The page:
Glycemic index was all the rage in the '90s. It’s the whole idea that certain carbs, like whole grains and fresh fruits and vegetables, impact our blood sugar less dramatically than a baguette or a baked potato. The idea that all carbs are not created equal still holds a lot of leverage for many health advocates. But new research suggests that good carbs versus bad carbs or the glycemic index shouldn’t hold as much weight as we initially thought.
New research out of the National Institutes of Health and published in the Journal of the American Medical Association found that diets containing low glycemic index foods or "good carbs" did not lower cholesterol or improve blood sugar levels and insulin sensitivity. If you’re already eating a healthy diet glycemic index isn’t important. The study found that low glycemic index diets actually made insulin sensitivity worse.
The glycemic index says that if you eat a piece of white bread it’s digested much faster than a baked sweet potato causing your blood sugar to spike, which has negative health repercussions. It pertains to how quickly a food raises your blood sugar.
In this new study, 163 people who were overweight and had high blood sugar were moved through four different diets, each for five weeks at a time. Each diet was all around healthy and included fruits, vegetables, beans, fish, poultry, lean meats and grains. Two of the diets were slightly higher in carbs and two were slightly lower. The lower glycemic index diets contained whole grain bread, cereal, apples, steel cut oats, and non-starchy vegetables, and the high glycemic index diets contained white bread, carrots, bran muffins, instant rice and oatmeal, as well as sweet snacks like honey and bananas and apricots.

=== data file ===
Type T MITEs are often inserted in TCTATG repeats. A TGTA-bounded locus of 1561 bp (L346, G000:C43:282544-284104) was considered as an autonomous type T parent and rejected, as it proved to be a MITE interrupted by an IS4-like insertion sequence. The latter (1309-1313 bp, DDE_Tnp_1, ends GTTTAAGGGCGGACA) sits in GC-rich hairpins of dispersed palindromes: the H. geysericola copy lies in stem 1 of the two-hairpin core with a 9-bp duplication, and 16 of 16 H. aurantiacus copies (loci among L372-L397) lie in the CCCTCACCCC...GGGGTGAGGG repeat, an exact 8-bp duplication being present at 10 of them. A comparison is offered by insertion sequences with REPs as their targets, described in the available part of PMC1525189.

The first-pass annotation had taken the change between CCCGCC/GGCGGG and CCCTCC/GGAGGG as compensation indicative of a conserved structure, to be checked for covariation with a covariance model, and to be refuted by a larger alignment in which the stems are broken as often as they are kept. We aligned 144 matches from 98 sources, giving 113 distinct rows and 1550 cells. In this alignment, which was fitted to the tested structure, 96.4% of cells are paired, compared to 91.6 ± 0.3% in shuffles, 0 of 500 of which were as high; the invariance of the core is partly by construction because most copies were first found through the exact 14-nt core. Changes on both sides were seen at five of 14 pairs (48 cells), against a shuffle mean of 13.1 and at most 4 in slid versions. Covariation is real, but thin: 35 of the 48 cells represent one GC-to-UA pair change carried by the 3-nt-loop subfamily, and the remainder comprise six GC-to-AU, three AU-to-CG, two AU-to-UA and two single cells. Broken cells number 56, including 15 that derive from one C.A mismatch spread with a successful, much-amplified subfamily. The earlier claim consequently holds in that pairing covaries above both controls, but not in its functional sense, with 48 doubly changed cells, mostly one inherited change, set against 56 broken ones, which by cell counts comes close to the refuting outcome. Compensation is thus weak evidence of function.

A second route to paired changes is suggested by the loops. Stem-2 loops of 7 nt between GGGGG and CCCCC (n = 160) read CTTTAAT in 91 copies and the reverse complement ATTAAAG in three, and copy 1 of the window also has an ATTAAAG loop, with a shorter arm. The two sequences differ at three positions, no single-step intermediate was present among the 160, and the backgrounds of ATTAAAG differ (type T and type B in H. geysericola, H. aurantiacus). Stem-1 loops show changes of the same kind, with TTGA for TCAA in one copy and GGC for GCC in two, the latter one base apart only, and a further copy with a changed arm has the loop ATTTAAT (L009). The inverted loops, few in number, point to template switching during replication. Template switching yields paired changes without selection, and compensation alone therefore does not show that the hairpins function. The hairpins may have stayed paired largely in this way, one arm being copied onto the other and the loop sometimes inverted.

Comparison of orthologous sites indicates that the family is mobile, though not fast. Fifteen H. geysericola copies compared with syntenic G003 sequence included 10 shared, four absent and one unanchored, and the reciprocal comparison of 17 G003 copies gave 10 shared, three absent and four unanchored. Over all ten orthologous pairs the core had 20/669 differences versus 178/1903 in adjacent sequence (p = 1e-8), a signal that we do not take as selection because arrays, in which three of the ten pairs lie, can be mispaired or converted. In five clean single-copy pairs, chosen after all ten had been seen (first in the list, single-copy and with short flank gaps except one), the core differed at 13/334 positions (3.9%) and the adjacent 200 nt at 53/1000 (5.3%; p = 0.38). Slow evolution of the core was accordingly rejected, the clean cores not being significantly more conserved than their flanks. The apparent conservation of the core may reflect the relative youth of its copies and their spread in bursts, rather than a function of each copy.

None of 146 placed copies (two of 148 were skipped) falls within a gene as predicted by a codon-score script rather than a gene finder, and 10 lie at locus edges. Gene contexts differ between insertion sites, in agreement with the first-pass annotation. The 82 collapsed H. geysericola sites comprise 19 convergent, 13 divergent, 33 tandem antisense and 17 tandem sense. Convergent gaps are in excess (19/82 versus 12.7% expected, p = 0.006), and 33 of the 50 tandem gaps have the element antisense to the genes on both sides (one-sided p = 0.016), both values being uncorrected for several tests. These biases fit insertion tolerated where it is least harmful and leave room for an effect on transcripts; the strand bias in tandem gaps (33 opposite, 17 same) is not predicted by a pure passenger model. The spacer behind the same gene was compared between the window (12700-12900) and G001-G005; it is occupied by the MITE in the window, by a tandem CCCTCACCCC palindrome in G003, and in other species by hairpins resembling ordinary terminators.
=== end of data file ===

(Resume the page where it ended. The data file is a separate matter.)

When overall carbs were reduced heart disease risk factors like cholesterol, tryglycerides, and blood pressure were also reduced, but when two diets had similar amounts of carbs and calories, the low glycemic index did not reduce risk factors. In fact, the lower glycemic index diet was worse for gluten sensitivity.
Here’s what this means to you: Eating whole grains, fruits, vegetables, and other plant-based foods is important because of the nutrients that your body gets from those foods, but if your diet is generally healthy already, a potato or a French baguette isn’t going to make you blow up like a balloon. And it’s not going to give you heart disease or diabetes.
“The takeaway is a good message for people,” Dr. Frank M. Sacks, the lead author of the study and a professor at Harvard Medical School and Brigham and Women’s Hospital said to The New York Times. “They can pick foods that are part of a healthy dietary pattern without wondering if they’re high or low glycemic. They don’t have to learn that system.”
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Image: Alessandro Valli